So, if you’re an applications customer, or on the journey to Fusion, think about how Oracle technology and UX together provides a roadmap for continued ROI from your applications regardless of deployment model.
Smart partners like Basheer’s are ready to provide such ROI to customers, and he tells me “By default the Innowave team leverages the design patterns, it’s become part of our culture now to add usability to functionality. It helps us differentiate our approach from other partners.”
Productive Cloud Development
As chief evangelist for the UX design patterns story I tell our customers, partners and the development community about how design patterns are created and the benefits of using them. I love stories like Innowave Technologies’; it’s when I see the story happen in the wild that I really feel like we’ve moved to the next phase of the UX design pattern proposition. And it’s still evolving: moving to the cloud and ever-fluid development with our toolkit, with customers demanding the best of what Oracle technology offers as well as great UX, means techniques such as abstraction of UIs and UX design patterns will become even more important to developers.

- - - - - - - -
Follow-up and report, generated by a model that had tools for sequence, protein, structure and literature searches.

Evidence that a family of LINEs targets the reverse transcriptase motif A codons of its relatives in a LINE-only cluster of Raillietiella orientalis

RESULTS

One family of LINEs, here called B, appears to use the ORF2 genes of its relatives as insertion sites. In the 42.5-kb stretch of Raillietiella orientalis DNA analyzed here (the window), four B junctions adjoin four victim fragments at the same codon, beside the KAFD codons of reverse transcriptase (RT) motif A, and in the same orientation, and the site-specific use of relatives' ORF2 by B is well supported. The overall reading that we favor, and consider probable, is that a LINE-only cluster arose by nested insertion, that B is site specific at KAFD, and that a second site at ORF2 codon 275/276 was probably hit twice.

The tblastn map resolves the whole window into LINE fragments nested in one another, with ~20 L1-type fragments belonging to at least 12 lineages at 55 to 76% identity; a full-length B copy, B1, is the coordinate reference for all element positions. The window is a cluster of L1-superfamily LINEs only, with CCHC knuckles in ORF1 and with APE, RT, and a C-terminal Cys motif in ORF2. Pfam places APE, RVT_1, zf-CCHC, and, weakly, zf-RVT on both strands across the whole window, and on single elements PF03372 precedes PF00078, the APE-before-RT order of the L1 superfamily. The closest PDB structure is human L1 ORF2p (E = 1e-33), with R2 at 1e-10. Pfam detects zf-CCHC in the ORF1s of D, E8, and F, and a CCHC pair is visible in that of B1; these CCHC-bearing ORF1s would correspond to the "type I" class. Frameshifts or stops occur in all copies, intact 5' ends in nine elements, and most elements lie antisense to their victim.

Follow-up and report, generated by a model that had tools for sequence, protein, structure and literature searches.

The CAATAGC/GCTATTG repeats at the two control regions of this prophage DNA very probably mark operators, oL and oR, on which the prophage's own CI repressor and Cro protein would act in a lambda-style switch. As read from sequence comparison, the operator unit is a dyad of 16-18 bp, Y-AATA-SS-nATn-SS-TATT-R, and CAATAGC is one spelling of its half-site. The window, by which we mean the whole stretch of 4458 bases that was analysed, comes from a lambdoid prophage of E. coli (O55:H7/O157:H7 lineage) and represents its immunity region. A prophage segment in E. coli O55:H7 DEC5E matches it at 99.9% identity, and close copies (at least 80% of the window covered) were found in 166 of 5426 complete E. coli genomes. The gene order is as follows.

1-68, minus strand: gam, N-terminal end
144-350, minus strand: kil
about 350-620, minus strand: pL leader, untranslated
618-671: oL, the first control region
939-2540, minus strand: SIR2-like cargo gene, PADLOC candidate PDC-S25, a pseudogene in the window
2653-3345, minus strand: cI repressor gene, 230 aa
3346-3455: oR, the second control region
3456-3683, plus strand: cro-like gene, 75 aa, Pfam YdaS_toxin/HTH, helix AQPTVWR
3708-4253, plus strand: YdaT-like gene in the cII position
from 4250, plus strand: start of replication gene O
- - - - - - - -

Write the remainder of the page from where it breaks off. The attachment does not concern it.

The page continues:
Cloud-based development using hot-pluggable remote task flows, web services, and APIs is the way to go for competitive enterprise application uptake in the cloud, but apps users still demand a UI they know and want to use! So, as the cloud development community accelerates through the trajectory of not writing UIs, but writing UI services instead, they can turn to the UX design patterns as the front-end usability solution for the cloud development model. We’re done the usability thinking so that cloud developers don’t have to.
How to Find UX Design Patterns
To get going with the UX design patterns, go to the Usable Apps website and find the For Developers section. And, for more UX developer enablement, such as for the building great looking usable apps workshops and helping ADF developers to build great enterprise applications, keep coming back to Voice of User Experience (VOX) blog, or follow along with the latest and greatest on Twitter (@usableapps).